Voices of Victims - Why We're Here


Voices of Victims

Why We’re Here: Shawn Brown and JaKori Turner

On February 20, 1994, Shawn Brown spent the afternoon with her 10-week-old son JaKori and sister visiting family. They were just a few miles from their house when a drunk driver, driving 60 miles per hour on the wrong side of the street, struck their car head on. The impact was so hard that everything that was in the trunk flew out the back of the car. He was trying to beat an oncoming train to the next intersection, but they later learned that there was never a train coming, the train track arms were broken.

Ten-week-old JaKori died at the hospital from his injuries, Shawn’s sister was seriously injured, and Shawn suffered a fractured skill, broke both her upper and lower jaw, as well as a broken femur. Despite being pronounced dead twice, she survived.

Shawn worked with her local MADD advocate in California throughout the court process, where the offender was sentenced to four years in prison. But it wasn’t until she moved to Georgia that felt compelled to get involved with MADD. She called the Georgia office and they immediately invited her to share her story at a Victim Impact Panel.

Shawn continues to share her story at MADD events, and participates in the Atlanta Walk Like MADD each year with team JaKori’s Angels. She also owns a bakery and has dedicated a cheesecake called “My Little Pumpkin” to JaKori, from which a portion of the proceeds are donated to MADD.

Shawn says, “If my tragedy can help others in anyway I will use it as a blessing to others. If it can save a life I would be forever humbled and grateful.”


Why We’re Here: Dustin Church

On July 10, 2004, 18-year-old Dustin Church was hanging out with friends when they decided to go on a late-night pizza run. But on the way home, in the short two-mile stretch between the restaurant and the driver’s house, the speeding car ran off the road, hit an embankment and landed upside-down in a Connecticut river.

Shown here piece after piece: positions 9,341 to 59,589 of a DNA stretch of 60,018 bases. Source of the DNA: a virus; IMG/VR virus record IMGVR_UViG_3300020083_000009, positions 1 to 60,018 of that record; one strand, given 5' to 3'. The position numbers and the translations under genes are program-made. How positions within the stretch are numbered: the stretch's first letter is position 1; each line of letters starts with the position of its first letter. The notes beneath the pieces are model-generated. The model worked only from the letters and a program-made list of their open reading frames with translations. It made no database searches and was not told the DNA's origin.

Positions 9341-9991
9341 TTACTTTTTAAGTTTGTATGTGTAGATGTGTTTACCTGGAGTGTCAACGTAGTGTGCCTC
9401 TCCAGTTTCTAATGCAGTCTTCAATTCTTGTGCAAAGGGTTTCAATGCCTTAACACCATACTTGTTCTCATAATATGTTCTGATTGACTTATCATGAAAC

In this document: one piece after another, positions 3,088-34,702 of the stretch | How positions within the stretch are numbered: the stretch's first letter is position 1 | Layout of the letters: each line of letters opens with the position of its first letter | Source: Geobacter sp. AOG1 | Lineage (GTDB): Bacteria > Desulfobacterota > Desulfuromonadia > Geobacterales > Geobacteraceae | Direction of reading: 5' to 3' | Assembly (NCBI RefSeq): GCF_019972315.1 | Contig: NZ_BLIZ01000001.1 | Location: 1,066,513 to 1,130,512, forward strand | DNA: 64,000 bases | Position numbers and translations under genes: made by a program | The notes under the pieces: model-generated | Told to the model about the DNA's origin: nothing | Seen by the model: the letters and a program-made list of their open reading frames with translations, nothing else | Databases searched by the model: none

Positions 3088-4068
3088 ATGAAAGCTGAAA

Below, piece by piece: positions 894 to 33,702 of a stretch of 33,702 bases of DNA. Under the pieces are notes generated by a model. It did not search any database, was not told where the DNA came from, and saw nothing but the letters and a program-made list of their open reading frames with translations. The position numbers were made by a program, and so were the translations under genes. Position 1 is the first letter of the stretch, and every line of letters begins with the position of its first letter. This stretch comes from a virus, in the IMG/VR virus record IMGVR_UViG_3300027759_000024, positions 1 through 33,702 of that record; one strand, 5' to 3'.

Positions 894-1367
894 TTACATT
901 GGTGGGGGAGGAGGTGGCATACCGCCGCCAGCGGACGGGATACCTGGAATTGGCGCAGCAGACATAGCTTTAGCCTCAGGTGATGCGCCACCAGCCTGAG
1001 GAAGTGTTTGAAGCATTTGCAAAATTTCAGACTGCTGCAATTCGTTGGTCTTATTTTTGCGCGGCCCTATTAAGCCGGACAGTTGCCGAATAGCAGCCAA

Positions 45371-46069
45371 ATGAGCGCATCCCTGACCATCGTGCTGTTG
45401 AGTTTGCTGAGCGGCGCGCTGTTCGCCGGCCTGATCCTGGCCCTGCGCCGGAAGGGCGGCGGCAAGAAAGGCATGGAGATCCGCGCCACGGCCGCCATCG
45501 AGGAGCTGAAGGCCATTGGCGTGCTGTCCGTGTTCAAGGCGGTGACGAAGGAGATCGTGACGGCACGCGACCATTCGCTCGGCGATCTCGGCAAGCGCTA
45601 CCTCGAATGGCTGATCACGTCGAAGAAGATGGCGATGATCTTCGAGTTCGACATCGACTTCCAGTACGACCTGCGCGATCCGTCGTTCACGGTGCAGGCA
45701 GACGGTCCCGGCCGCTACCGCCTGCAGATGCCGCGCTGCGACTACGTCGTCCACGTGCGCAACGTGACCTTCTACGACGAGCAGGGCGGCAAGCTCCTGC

The driver was an impaired teenager, who had been illegally drinking underage and using drugs. Dustin was in the backseat of the two-door car as it sank into the river.

The two in the front seat survived. But not Dustin. He died trying to get out of the backseat. He died trying to breathe as the car sank deeper. In short, he died trying to live. But he didn’t live, he drowned.

Dustin, known for his fiery red hair and his laughter, had recently graduated high school and was trying to decide what he wanted to do for college. He was considering an acting career. Dustin was well liked by his peers and was always able to find the best in everyone.

Dustin’s step-mom, Colleen Sheehey-Church said that “for about a year, my husband, our other son and I were heartbroken and lost. Then I called MADD. They saved me.”

As time went on, Colleen and her husband Skip decided they didn’t want to just be victims. They wanted to be a part of the solution and started volunteering with MADD.

Colleen Sheehey-Church is now the newest MADD National President. She will travel the country sharing Dustin’s story and working to put an end to drunk driving.

 Colleen, Dustin and Skip


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